David Bouchier: In Your Face

Jun 19, 2017

Credit Courtesy of Pixabay

I very nearly posted a photograph on my Facebook page the other day. This would have been a rare event. Normally the page simply sits there, unchanging, like a picture on a gallery wall. Some of my friends post pictures of themselves, their friends, relatives, pets, airports they are passing through, and even meals they have cooked or eaten in restaurants. But I don’t want to force my friends to live my whole life at second hand, it’s just not that interesting.

This instant sharing is a result of the technology that gave us the instant picture. Photography was my favorite hobby when I was a teenager. But it was a slow and sedate business. First you needed to buy a film, black or white or color, load it into the camera, test the light with a light meter, adjust the lens aperture, apply a filter perhaps, set the shutter speed and focus, set up a tripod if necessary, and you were ready to take your picture. By this time it was often too late: the subject had changed, moved away, or died.

When and if the subject had been captured on film the drama was far from over. First I had to finish the rest of my film, so as not to waste it. This might take days, or weeks. Then I had to take it to the photographic shop for developing and printing. This was Mr. Kellet’s shop at the wrong end of the High Street. He would take the exposed film with a skeptical air, and tell me to come back in a few days. His service was nothing if not personal. If he decided that any of my negatives were of poor quality or not interesting enough, he would simply not print them. Getting an enlargement involved a major argument over whether or not the picture was worth it. Mr, Kellet developed films only when he had a large enough batch to make it worth his while to mix the chemicals, so customers might have to wait some time for the results. Finally the prints were ready, in a little yellow packet, and it was so long since the pictures had been taken that they were almost a surprise.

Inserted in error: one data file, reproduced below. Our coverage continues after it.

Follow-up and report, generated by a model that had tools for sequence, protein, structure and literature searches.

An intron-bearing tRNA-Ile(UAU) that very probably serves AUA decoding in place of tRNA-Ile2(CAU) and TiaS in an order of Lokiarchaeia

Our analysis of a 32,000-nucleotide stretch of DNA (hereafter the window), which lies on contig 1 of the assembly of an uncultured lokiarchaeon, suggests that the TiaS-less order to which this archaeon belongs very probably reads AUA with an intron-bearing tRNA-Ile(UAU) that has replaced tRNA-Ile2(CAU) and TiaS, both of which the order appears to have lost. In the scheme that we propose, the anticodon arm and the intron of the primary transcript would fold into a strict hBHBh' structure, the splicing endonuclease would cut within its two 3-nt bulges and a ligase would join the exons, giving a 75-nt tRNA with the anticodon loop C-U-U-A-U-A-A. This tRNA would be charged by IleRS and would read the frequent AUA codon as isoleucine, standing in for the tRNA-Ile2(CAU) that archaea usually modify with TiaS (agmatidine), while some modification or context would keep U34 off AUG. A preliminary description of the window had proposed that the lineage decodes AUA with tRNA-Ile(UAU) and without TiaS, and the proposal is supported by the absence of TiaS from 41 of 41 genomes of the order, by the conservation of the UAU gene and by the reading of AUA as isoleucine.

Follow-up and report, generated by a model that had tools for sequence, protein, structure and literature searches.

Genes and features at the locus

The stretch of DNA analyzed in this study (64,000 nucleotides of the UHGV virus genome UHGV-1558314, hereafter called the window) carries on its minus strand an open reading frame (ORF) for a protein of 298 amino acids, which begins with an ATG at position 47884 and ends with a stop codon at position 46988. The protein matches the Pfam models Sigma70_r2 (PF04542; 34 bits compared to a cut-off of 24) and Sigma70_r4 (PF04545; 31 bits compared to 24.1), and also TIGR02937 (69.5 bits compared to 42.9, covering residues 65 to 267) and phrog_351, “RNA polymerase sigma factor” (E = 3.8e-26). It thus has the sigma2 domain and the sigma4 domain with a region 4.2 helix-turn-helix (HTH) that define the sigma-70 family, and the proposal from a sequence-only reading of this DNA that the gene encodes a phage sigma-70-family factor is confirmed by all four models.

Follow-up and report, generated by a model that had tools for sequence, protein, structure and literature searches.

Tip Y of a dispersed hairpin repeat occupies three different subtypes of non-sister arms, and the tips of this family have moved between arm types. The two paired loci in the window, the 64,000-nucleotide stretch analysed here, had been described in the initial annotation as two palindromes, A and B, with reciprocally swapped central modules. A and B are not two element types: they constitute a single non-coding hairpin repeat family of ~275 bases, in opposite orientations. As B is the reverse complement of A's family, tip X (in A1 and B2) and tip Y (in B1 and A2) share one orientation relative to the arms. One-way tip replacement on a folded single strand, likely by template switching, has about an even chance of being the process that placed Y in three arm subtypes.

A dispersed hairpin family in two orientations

The only thing left to do was to find someone willing to sit down and look at my wonderful photographs, and this was often the hardest part. When they saw the little yellow packet in my hands friends would flee in all directions. Only my parents, through a sense of duty, could be persuaded to look through the prints and make suitably appreciative comments.

So old-fashioned photography was a long, complicated process. Fast photography is like fast food. There’s no need for thought, preparation, skill, technique or patience. It’s just there, like a cheeseburger, ready to grab and go. All the complicated stuff has been done for us, in Silicon Valley or China. A few taps on the screen will send our images instantly to dozens or hundreds of unsuspecting people, whether they like it or not. The only question is: why? Having no answer to this I decided not to post my new snapshot on Facebook. The world can do without an update on my appearance, which is exactly the same today as it was yesterday. The cliché says that a picture is worth a thousand words, but it would take far more than a thousand words to explain our long love affair with pictures of ourselves.

Copyright: David Bouchier